Here's a Q & A With Tetra about Tetra SafeStart

    The Q & A will answer your first first question.
    Cycling is super confusing. Don't worry, it'll click and all come together with lots of reading.
    Nitrogen Cycle

    That's right.
  9. MeenuFishlore VIPMember

    welcome to FL. I'm very sorry about your fish.

    You don't need to add bacteria - if you do a fishless cycle, it'll develop on its own.

    (by the way, since you don't currently have fish, I'd recommend doing fishless. If you do the shrimp, you can just put the shrimp in a sock, throw it in, and then remove after the cycle and just toss it. The sock is just so the decaying matter isn't all over your tank.)

    edit: Also, that 5 gallon, once it is cycled, would make a wonderful tank for a betta, or even a quarantine tank.
    Last edited: Dec 29, 2009
  10. FancyfishNew MemberMember

    I hear you, Gunzer.. I did the exact same thing- bought a new tank, threw in some Cycle and added fish immediately (in my defense, the local fish store told me that I could buy the tank and fish the same day without any problems..). I have had real problems ever since- my fish have had Ick, my tank hasn't cycled properly etc.. Like you, I wish I had discovered this forum sooner!!

    Several of the moderators and fishkeepers in this forum have recommended a product called "Tetra Safe Start", which contains the correct bacteria to get the tank cycling. I see that you are in the US (lucky, because they don't sell this product or anything like it in Canada): try Walmart- they probably well carry it.
    If you are looking for a water conditioner that also converts ammonia to a non-toxic form try "Prime". You don't need very much at all and it can be used while you are cycling your tank if you end up having to add fish.
  11. flyin-loweWell Known MemberMember

    As long as there is an ammonia source (the dead fish, adding pure ammonia, feeding the tank) the bacteria will grow on its own. As long as there are no living fish in the tank don't change the water and the ammonia will eventually go to nitrites, and then eventually to nitrates. Once you get to the point were you can add ammonia and it quickly goes away then you will know the tank is cycled. Eventually you should have readings with 0 ammonia, 0 nitrates, and 10-20 nitrates. Also as long as there are no living fish in the tank crank the heater up, the warmer the water the faster it will cycle.
  12. LucyModeratorModerator Member

    Walmart and chain stores don't carry it. You'll be lucky to find it at a fish store. Many members have to order it on line.

    I've never tried cycling with dead fish. Can't comment either way but I know I couldn't leave a dead pet in the tank to rot, but thats just me.
    It will create ammonia, for sure.
    Thanks for commenting on that, Gunzer wondered if he could use that as his source of ammonia.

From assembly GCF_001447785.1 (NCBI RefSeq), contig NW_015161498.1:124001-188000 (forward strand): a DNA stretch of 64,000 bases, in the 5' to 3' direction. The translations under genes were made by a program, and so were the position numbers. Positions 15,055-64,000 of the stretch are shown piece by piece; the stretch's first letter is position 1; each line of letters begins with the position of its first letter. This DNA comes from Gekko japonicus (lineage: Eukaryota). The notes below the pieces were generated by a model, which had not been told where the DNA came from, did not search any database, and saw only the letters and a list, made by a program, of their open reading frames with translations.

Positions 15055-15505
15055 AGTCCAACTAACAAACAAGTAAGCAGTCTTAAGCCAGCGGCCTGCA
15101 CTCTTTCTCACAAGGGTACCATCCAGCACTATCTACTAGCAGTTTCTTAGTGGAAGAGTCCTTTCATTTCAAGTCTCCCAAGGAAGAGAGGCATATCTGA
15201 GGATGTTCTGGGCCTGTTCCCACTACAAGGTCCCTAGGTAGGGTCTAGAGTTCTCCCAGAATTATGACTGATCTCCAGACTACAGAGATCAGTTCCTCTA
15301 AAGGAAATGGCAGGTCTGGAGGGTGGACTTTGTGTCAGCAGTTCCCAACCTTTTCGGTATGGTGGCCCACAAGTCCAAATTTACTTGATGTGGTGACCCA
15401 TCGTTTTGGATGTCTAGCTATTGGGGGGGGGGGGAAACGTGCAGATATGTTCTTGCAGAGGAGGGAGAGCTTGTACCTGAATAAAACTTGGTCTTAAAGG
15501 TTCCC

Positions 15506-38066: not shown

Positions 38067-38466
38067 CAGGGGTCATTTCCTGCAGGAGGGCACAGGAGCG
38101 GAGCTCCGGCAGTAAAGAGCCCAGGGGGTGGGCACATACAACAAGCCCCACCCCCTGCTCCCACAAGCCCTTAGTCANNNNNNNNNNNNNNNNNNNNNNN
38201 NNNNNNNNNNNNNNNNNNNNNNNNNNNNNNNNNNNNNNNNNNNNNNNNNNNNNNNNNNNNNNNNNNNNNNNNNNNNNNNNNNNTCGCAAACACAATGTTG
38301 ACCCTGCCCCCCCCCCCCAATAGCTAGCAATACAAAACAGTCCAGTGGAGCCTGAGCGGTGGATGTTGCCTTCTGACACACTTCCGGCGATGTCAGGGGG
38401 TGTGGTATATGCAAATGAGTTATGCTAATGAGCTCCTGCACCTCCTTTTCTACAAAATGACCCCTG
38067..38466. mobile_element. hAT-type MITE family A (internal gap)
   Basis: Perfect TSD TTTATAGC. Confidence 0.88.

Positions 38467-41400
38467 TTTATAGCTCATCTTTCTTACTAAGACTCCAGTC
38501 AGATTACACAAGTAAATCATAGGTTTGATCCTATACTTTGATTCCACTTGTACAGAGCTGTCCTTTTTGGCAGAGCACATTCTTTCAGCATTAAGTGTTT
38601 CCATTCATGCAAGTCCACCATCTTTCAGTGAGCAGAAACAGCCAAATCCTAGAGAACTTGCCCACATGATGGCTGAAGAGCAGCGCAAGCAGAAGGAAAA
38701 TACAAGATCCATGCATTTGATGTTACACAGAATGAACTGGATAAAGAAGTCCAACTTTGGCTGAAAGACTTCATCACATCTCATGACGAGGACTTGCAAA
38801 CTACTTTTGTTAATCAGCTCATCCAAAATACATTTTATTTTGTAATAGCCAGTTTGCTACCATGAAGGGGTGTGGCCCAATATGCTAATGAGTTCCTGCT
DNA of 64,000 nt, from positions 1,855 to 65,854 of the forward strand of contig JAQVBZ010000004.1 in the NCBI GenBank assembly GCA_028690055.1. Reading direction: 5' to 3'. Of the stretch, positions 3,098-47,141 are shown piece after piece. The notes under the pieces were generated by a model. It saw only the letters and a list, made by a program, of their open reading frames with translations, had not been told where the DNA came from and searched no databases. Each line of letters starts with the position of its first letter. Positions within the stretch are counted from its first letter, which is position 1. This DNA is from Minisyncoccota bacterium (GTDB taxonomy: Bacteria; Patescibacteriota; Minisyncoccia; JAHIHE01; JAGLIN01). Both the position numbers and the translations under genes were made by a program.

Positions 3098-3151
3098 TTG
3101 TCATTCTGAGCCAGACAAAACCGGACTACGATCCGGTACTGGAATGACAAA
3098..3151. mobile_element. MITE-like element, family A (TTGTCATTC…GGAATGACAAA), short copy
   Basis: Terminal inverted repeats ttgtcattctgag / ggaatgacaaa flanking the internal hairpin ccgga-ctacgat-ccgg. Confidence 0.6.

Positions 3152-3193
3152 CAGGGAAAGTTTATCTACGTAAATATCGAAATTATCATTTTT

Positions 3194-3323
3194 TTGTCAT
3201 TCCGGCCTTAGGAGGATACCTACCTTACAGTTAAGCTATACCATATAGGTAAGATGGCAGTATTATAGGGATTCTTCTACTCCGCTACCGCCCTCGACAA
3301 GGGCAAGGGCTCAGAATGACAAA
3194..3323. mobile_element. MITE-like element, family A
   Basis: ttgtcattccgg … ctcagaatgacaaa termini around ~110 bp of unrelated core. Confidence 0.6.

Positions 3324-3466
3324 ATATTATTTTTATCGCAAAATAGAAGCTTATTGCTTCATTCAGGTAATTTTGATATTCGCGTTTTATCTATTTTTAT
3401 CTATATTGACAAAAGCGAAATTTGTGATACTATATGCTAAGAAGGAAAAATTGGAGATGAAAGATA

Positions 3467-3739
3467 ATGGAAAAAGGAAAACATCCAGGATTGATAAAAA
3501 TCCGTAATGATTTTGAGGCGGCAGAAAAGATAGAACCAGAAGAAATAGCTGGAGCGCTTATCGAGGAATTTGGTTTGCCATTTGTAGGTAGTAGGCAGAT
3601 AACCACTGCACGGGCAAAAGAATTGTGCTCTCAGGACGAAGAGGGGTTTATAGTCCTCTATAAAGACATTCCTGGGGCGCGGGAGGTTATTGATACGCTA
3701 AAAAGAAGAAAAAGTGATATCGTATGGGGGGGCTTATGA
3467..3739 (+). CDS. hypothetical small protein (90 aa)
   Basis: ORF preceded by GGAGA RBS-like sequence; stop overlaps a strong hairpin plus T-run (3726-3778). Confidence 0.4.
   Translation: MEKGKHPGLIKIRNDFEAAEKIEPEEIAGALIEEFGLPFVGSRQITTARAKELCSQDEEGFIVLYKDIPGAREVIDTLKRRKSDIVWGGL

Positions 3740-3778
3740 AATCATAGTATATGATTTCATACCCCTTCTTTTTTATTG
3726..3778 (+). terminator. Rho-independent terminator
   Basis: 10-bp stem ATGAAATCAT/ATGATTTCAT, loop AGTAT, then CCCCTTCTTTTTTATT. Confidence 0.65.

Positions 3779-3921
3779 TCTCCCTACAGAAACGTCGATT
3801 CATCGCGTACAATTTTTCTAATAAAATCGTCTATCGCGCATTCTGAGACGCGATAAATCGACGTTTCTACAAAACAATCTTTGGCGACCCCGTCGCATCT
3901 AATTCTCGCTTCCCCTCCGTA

Last edited: Dec 29, 2009
  13. MeenuFishlore VIPMember

    In many cities, it is hard to find. I know around me, no chain stores carry it. Most others report the same thing. Of the 4 locally owned fish stores I know of, 2 carry it and 2 don't.

    It's a great product. I used it in my tank. But I found it finicky. It pretty much has to be used under certain conditions, and isn't forgiving of human error. Overall, I tend to recommend it, because I like it. In your situation, I would say you should do the shrimp thing. It'll take a little longer, but is safest for the fish, since they aren't in the tank during cycling. If you decide to use it, get the bottle for the 75 gallon tanks and use the whole thing. Do a complete water change, too, to get the Cycle out. Treat the water with a conditioner that does not detoxify ammonia (so no Prime), and add enough fish to cycle but not so many that you overwhelm the TSS.

    And it has to be Tetra Safe Start. That exact product. If you call and ask if a store carries it, they may claim to have a different brand that does the same thing. It doesn't. TSS is the only product currently being sold on the market that contains the correct bacteria.

    rofl... everyone is being ninja'ed by everyone. Gunzer, I've never seen so many people so eager to help someone before. We're all stumbling over each other.
    Last edited by a moderator: Feb 4, 2010
  14. GunzerNew MemberMember

    The number of replies in this amount of time is fantastic. I never had a love affair for Cycle and as such, I wont use it anymore. I may persue Option #3 after a complete water change this weekend.

    I will continue to read up as well. I really like this forum!
  15. LucyModeratorModerator Member

    Good luck! Hang in there and keep us posted.
  16. aquatic mouseValued MemberMember


  1. This site uses cookies to help personalise content, tailor your experience and to keep you logged in if you register.
    By continuing to use this site, you are consenting to our use of cookies.
    Dismiss Notice